By Ernie Palladino
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Just over an hour after Jon Gruden performed his ESPN analyst duties on Tennessee’s wild card win over Kansas City on Saturday, the Raiders announced him as their new head coach, reportedly for a little bundle of $100 million over 10 years.
They’re taking some shot that Gruden can turn the Raiders into a perennial power just in time for the move to Las Vegas, and it appears they’re paying an all-time record price for him. There’s no guarantee he’ll succeed, of course. But it’s worth the chance, however pricey, to Oakland owner Mark Davis.
That’s what hiring an NFL coach is all about, after all: taking a shot. So it stands to reason that if a particular hoodie aficionado from the north who formerly worked in East Rutherford has grown antsy for a new employee-employer relationship, it only makes sense for the Giants to take a shot at getting him.
Of course, like the Raiders with Gruden, there’s no guarantee that Bill Belichick can ever resurrect John Mara’s squad from this year’s 3-13 wreck. But he probably wouldn’t do any worse than the unexciting list of first-timers and failed retreads they have already interviewed. Honestly, do Belichick’s coordinators, Josh McDaniels and Matt Patricia, send tingles up anyone’s spine? Pat Schurmer, anyone?
But a five-time Super Bowl champion who may well win his sixth by the time this playoff season is done, that’s something to get excited about. And the ESPN article that intimated Belichick could be the loser in a power struggle among himself, quarterback Tom Brady, and owner Robert Kraft has people thinking that maybe Belichick could use a change of scenery.
Hence, the need to take the shot. And heaven knows, after the tumult of this season, Mara owes it to the fan base to take his best shot, even if he ultimately can’t put together a compensation package outrageously rich enough to move Kraft to forego The Hoodie’s final contract season and send him southward.
Then there’s the question of what Mara would pay Belichick. If Gruden got $10 million per year for one Super Bowl and nine years calling Monday Night Football, what might Belichick and all his jewelry be worth?
Keep in mind, too, that the investment might well backfire. Belichick may still have an old quarterback to work with down here, but his name won’t be Brady. And Eli Manning, for all he’s done for the Giants, never was Brady.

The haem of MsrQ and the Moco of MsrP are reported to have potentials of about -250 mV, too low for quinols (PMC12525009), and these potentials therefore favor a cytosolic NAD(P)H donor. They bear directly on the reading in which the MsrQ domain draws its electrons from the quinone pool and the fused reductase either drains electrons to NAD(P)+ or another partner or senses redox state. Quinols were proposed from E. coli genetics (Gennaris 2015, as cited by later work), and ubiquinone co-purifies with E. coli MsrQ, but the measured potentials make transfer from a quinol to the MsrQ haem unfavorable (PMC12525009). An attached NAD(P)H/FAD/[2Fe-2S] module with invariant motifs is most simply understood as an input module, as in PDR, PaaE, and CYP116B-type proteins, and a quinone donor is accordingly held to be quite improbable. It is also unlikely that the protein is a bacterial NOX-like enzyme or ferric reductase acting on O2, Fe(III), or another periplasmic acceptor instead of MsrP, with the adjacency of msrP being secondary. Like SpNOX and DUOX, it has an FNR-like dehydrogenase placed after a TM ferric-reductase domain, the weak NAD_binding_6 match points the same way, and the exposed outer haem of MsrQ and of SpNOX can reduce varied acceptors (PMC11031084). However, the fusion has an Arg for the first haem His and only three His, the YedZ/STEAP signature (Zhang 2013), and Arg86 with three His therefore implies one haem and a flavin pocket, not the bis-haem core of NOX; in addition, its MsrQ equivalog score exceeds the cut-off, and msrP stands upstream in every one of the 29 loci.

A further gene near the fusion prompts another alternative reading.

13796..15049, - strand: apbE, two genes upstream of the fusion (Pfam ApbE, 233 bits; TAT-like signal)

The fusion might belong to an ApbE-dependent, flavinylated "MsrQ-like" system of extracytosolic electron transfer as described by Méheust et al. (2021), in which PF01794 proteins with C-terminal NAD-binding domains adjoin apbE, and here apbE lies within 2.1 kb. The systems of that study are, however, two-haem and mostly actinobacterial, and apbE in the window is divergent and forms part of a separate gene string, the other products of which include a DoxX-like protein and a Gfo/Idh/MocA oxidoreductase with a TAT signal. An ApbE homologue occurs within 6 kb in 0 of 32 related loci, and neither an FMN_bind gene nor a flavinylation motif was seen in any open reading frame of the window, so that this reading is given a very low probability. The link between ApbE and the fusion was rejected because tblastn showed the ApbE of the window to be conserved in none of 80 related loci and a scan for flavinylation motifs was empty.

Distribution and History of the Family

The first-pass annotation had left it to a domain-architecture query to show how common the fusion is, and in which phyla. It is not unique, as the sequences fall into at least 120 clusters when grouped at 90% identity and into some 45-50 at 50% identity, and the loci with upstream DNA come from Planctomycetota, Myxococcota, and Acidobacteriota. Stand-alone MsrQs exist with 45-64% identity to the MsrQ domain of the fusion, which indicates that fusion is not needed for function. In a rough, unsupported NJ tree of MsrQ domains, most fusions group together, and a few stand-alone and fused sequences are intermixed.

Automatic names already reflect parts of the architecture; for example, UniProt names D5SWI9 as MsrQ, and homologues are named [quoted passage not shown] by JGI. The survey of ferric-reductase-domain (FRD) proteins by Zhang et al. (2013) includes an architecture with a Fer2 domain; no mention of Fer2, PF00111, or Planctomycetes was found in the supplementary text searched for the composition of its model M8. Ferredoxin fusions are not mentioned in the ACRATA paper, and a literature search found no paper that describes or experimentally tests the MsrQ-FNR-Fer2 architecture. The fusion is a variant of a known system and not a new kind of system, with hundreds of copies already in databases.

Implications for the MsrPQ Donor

As for a new guy like Sam Darnold, Josh Rosen, or even Davis Webb, well, Belichick may not be quite the quarterback genius everyone thinks he is. If not for Jets linebacker Mo Lewis darned near killing Drew Bledsoe with a thundering sideline hit in Week 2 of 2001, the world might never have heard of Brady.
Bledsoe continued his career in Buffalo and Dallas, the last stop under Bill Parcells, a Hall of Famer Jets owner Leon Hess lured from Kraft in 1997. That didn’t turn into a Super Bowl, but almost did. Credit Hess for taking his best shot.
Sometimes they do work out. Wellington Mara took a shot on Tom Coughlin, Parcells’ wide receivers coach on his 1990 Super Bowl winner. He had franchise-building success in Jacksonville, got fired, and after an idle year came to the Giants and turned his chance into two Super Bowl titles.
Mike Ditka put together a legendary Super Bowl winner in Chicago in 1985 and went 106-62 in his 11 years there. New Orleans took its shot with him in 1997 and he promptly went 15-33 over three seasons.
It doesn’t always work. It could blow up in an owner’s face big-time.
But if an owner goes with the best, at least no one can fault him for trying. Which is why the Giants, if a shot is there to be made, must at least take theirs to bring Belichick back to East Rutherford.
At least explore the possibility. At least try to make the big splash before jumping on another less-exciting choice.
They owe their fans that much.
Take the best shot. It’s what hiring an NFL coach is all about.
Just ask the Raiders.
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